In the case of the steel cans, Fe/O2 and thanks to moisture and possible HCl, FeCl2 formation acting as the unconsumed electrolyte in yet another electrochemical cell. Note, reports of a rust corrosion product and not FeCl2.

The MnO2 globs on the hinge implies the hinges' metal (or metal alloy) could be in touch with the Mn bag as part of a galvanic cell, but yes, I agree, questionably.

In my opinion, this is the strongest argument presented so far as it suggests that the results of a direct chemical attack provided the necessay electrolyte serving as the basis for an ongoing electrochemical attack resulting in significant corrosion and reported products thereof.

[Edited on 5-8-2017 by AJKOER]
View user's profile View All Posts By User
elementcollector1
International Hazard
*****




Posts: 2647
Registered: 28-12-2011
Location: The Known Universe
Member Is Offline

Mood: Molten

[*] posted on 5-8-2017 at 10:52


AJKOER, you would benefit from a healthy dose of Occam's Razor. The manganese chunks had been placed in HCl. Said chunks were then taken out, placed in a plastic bag, and placed next to the spray paint cans. HCl can diffuse through plastic bags. Only a very small amount of moist HCl gas is needed to corrode a fairly large surface area of metal. Finally, iron oxide can be black in coloration (see rust removal via phosphoric acid for a demonstration of this).

Until you can securely disprove that the HCl caused the corrosion, a galvanic cell of any type is unnecessary because it is not the simplest explanation that fits the data.

EDIT: And before I forget, Mn is more electropositive than Fe and steel alloys, so it would corrode preferentially if in electrical contact.

[Edited on 8/5/2017 by elementcollector1]




Elements Collected:52/87
Latest Acquired: Cl
Next in Line: Ge
View user's profile View All Posts By User
AJKOER
International Hazard
*****




Posts: 2832
Registered: 7-5-2011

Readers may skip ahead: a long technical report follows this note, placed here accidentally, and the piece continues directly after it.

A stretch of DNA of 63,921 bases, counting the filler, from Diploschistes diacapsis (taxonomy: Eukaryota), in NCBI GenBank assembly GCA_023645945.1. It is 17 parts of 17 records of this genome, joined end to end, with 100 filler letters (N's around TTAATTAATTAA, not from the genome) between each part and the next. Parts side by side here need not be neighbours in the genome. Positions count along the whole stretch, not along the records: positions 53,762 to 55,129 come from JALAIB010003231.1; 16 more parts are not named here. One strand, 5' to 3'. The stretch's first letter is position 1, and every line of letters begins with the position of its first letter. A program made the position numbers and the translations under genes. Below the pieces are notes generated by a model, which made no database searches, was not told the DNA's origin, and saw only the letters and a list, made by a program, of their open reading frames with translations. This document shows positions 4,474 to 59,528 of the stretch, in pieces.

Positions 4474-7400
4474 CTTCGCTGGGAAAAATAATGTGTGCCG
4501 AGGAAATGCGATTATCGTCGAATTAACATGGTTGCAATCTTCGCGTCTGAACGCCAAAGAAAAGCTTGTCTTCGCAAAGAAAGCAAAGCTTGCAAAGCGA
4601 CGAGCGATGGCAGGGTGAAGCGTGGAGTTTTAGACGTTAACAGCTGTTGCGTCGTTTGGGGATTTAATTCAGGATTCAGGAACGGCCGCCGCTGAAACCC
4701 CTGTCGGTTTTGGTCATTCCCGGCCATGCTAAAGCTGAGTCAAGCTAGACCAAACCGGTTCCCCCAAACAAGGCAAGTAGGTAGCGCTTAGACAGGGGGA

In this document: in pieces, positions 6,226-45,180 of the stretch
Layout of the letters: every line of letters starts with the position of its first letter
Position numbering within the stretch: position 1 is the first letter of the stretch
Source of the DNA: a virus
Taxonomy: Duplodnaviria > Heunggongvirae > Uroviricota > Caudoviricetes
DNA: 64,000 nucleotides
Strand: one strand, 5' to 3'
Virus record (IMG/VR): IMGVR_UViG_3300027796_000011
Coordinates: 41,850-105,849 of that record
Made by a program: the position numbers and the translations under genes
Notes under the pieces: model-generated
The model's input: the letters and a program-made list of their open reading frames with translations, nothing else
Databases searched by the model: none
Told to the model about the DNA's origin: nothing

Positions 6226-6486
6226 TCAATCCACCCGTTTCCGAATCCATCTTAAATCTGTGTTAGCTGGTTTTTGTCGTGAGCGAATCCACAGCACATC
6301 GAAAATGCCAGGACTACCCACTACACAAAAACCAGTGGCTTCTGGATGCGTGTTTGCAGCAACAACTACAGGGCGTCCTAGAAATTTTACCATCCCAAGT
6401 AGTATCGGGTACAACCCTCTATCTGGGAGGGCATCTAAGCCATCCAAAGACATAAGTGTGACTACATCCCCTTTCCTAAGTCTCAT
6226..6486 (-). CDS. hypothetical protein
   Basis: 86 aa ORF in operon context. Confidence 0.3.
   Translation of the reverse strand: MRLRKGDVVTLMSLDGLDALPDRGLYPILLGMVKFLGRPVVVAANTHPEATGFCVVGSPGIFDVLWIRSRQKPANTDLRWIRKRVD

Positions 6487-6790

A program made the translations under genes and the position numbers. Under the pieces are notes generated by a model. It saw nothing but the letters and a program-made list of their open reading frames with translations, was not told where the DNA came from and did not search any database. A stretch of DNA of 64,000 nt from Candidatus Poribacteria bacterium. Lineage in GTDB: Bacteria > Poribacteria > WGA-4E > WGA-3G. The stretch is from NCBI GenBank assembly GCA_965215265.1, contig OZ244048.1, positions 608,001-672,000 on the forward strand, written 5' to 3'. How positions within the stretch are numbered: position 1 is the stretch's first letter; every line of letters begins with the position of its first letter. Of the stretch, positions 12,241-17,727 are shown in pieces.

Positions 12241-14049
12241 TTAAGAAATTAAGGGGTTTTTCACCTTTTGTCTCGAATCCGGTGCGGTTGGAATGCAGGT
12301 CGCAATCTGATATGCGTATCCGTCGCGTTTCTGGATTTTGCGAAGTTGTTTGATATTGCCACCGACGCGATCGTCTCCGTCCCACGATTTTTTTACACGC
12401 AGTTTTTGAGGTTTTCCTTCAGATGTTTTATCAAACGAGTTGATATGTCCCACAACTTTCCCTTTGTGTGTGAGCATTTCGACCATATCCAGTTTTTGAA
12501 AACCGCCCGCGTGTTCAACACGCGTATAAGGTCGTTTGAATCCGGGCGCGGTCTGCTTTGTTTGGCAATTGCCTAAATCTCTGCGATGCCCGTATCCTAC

Member Is Offline

Mood: No Mood

[*] posted on 5-8-2017 at 12:36


Actually, cleaning a metal surface with HCl is not uncommon when employing the metal in an electrochemical reaction (read some of my references I provided at the bottom of page 63 in the "Make Potassium" thread) as it cleans the surface of oxide coatings.

Now, Elementcollector1 claims corrosion by HCl. And, what could be the possible products of such a reaction? Answer: MnCl2 and H2. Unfortunately, not introducing a half cell reaction involving O2 precludes the formation of MnO2.

I also embrace the possible presence of HCl producing MnCl2 (or FeCl2) as providing a path for an excellent electrolyte.

[Edited on 5-8-2017 by AJKOER]
View user's profile View All Posts By User
Texium (zts16)
Administrator
********




Posts: 3043
Registered: 11-1-2014
Location: San Marcos, TX
Member Is Offline

Mood: Graduated

[*] posted on 5-8-2017 at 12:53


And yet, you're still so off base because the object that is being corroded here is the hinges and spray paint cans, which are made of steel/iron, which is commonly known to by attacked by moist HCl vapors in air to produce a dark brown rust of basic iron chloride/oxide crud. I'm completely mystified why you're still going on about manganese corrosion, and why you'd have any reason to be that manganese dioxide would have accumulated on the hinges...



View user's profile Visit user's homepage View All Posts By User
AJKOER
International Hazard
*****




Posts: 2832
Registered: 7-5-2011
Member Is Offline

Mood: No Mood

[*] posted on 5-8-2017 at 13:36


Quote: Originally posted by zts16  
And yet, you're still so off base because the object that is being corroded here is the hinges and spray paint cans, which are made of steel/iron, which is commonly known to by attacked by moist HCl vapors in air to produce a dark brown rust of basic iron chloride/oxide crud. I'm completely mystified why you're still going on about manganese corrosion, and why you'd have any reason to be that manganese dioxide would have accumulated on the hinges...


Yes, a " dark brown rust of basic iron chloride/oxide crud" likely produced as follows:

Fe + 2 HCl → FeCl2 + H2

which is a standard chemical reaction followed by the net cell electrochemical reaction:

4 Fe(ll) (aq) + 2 H+ + O2 → 4 Fe(lll) + 2 OH- (see, for example, http://corrosion-doctors.org/Experiments/rust-chemistry.htm and "IMPACT AND MANAGEMENT OF IRON CORROSION BY-PRODUCTS ON DRINKING WATER QUALITY IN DISTRIBUTION SYSTEMS" by Md. Safiur Rahman, 2014, page 76, net of reactions 4.1 to 4.4.)

See also my comments and sources presented at https://www.sciencemadness.org/whisper/viewthread.php?tid=73... .

If one accepts this mixed chemistry, why does it not apply to Mn, which is also a transition metal like Fe described by Wikipedia (link: https://en.m.wikipedia.org/wiki/Manganese ) as "Manganese tarnishes slowly in air and oxidizes ("rusts") like iron in water containing dissolved oxygen." ?

[Edited on 5-8-2017 by AJKOER]
View user's profile View All Posts By User
elementcollector1
International Hazard
*****




Posts: 2647
Registered: 28-12-2011
Location: The Known Universe
Member Is Offline

Mood: Molten

[*] posted on 5-8-2017 at 17:25


Firstly, there's no evidence MnO2 is anywhere beyond a few dark black dots on the paint cans in question, which could be anything from black iron oxide to misplaced flecks of spray paint. Prove to me that that stuff is definitively MnO2, and I might start believing the need for electrochemistry.